1 pound ground pork
1/3 cup finely chopped fresh cilantro leaves
1/4 cup finely chopped scallions, white and greens parts
1 serrano chile, seeded and chopped (if you're not a fan of heat, I think you could leave out)
1 tablespoon finely chopped peeled fresh ginger
3 garlic cloves, grated on a microplane or minced
finely grated zest of 1 lime
2 teaspoons soy sauce
1 teaspoon Asian fish sauce (If you don't have this on-hand, I think it's okay to leave it out)
1/2 teaspoon kosher salt
3 tablespoons rice vinegar
2 tablespoons soy sauce
1 tablespoon sriracha or other hot sauce
2 teaspoons toasted sesame oil
1 teaspoon light brown sugar
1) In a large bowl, combine the pork, cilantro, scallions, chile, ginger, garlic, lime zest and juice, soy sauce, fish sauce, and salt. I find it's helpful to use my hands to gently mix it all together and have a small box of food-safe plastic gloves under my kitchen sink for this purpose. Form the mixture into 1-inch balls and arrange in a single layer (not touching) on rimmed baking sheets. At this point, the author notes you can also cover the meatballs well and refrigerate up to overnight.
2) Set the oven rack 4 inches from the broiler and heat the broiler. I used the high setting. Broil the meatballs and use tongs to turn them so they are golden all over and cooked through. The original authors notes said this took 8 to 10 minutes, but it took me more like 12.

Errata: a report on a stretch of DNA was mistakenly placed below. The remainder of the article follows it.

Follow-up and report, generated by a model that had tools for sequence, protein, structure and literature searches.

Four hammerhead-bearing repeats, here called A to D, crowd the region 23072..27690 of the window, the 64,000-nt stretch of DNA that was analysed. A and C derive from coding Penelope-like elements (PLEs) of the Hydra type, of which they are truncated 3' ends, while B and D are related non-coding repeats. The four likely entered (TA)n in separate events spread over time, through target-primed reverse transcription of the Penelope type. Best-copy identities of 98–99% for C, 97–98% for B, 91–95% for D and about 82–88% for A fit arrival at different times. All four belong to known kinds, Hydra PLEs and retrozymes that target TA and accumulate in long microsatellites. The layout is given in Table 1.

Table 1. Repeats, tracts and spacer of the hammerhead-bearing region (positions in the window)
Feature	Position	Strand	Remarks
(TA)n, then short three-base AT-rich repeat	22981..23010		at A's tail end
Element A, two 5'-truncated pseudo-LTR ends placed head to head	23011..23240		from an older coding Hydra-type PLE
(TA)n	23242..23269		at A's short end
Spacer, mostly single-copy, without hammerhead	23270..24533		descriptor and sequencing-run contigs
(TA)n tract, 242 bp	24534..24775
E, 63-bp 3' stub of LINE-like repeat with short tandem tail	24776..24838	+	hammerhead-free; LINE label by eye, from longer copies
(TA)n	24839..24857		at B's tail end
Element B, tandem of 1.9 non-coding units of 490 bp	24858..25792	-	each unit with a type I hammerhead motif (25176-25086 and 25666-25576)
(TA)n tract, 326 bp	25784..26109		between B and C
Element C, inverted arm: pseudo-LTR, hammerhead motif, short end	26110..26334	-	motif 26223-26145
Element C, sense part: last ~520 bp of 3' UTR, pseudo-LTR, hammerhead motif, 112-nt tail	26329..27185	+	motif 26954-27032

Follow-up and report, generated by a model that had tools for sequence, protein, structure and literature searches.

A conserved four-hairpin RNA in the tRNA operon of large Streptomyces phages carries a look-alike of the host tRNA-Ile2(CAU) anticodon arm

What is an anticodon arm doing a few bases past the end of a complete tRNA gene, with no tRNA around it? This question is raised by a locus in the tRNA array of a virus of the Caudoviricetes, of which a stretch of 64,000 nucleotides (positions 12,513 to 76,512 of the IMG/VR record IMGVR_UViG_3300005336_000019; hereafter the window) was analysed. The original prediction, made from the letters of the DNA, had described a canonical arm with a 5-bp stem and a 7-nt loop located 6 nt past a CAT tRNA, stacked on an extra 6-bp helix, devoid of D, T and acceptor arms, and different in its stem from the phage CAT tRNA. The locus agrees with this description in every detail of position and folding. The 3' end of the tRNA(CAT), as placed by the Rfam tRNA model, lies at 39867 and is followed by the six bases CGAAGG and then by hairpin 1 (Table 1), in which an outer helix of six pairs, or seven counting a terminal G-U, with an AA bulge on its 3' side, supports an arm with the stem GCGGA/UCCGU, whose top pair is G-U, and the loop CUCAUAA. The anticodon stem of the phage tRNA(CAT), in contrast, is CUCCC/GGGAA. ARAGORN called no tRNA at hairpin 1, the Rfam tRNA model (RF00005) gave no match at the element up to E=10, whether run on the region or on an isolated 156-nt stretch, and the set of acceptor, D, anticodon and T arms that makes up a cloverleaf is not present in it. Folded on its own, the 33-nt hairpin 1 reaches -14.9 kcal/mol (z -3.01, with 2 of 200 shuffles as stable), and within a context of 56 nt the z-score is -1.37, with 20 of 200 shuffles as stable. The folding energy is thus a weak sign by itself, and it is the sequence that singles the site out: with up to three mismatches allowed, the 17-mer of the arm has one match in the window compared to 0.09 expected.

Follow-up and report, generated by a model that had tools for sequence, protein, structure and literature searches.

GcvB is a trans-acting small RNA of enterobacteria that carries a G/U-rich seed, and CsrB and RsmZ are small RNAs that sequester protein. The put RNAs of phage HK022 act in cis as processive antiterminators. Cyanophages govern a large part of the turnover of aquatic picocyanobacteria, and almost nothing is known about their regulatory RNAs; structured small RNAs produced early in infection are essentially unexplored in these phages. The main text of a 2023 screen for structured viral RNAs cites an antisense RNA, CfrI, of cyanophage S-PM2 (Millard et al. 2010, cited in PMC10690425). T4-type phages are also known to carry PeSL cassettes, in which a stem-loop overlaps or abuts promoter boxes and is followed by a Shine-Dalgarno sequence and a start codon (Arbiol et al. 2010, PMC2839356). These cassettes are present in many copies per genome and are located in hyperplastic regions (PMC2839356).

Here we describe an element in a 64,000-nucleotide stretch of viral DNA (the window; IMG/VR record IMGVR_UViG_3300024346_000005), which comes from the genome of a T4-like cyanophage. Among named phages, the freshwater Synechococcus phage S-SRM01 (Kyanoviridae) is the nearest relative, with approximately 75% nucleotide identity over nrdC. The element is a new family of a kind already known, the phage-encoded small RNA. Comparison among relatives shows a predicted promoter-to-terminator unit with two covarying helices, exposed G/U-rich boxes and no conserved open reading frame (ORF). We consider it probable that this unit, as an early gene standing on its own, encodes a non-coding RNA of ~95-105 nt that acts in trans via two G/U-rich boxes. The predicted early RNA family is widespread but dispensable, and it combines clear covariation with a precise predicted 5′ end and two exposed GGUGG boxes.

3) While the meatballs are broiling, whisk together the dipping sauce ingredients in a separate bowl and set aside.
This is embarrassingly easy to make (just subbing in coconut milk for water) but the payoff is big. Creamy rice is the perfect accompaniment to the salty spicy meatballs but also very good as a side to other dishes. The original recipe doesn't call for adding the toasted coconut but I love the extra crunch and sweetness.
1 13.5 ounce can coconut milk
1 cup white rice, either short or long-grain, rinsed very well
pinch of kosher salt
1/2 cup flake or shredded sweetened coconut
1) Empty the can of coconut milk into a 2-cup liquid measuring cup. If it does not read as measuring 1 7/8 cup, add enough water to equal to there.
2) In a medium sized pot with a good fitting lid, add the coconut milk, rice and salt. With the lid off, bring the mixture to a boil but then cover the pot and reduce heat to a low simmer. Cook for around 17 minutes.
3) Once the 17 minutes are up, remove the pot from the heat and place a super clean dish towel between the rim of the pot and the lid. Let the pot stand like this for 10 minutes to steam.
3) While the rice is cooking, toast coconut: place coconut in a large dry skillet over medium heat. Do not step away from the stove- it goes from zero toastiness to burnt very quickly. Stir the coconut so that it toasts evenly and remove from heat when the flakes are golden brown. Set aside to cool (and valiantly attempt not to snack on it).
4) Alongside the broiled meatballs, serve scoops of the coconut rice with a topping of toasted coconut.
If you should find yourself with extra toasted coconut, along with some shavings of dark chocolate, it makes a lovely sweet snack to top good vanilla ice cream.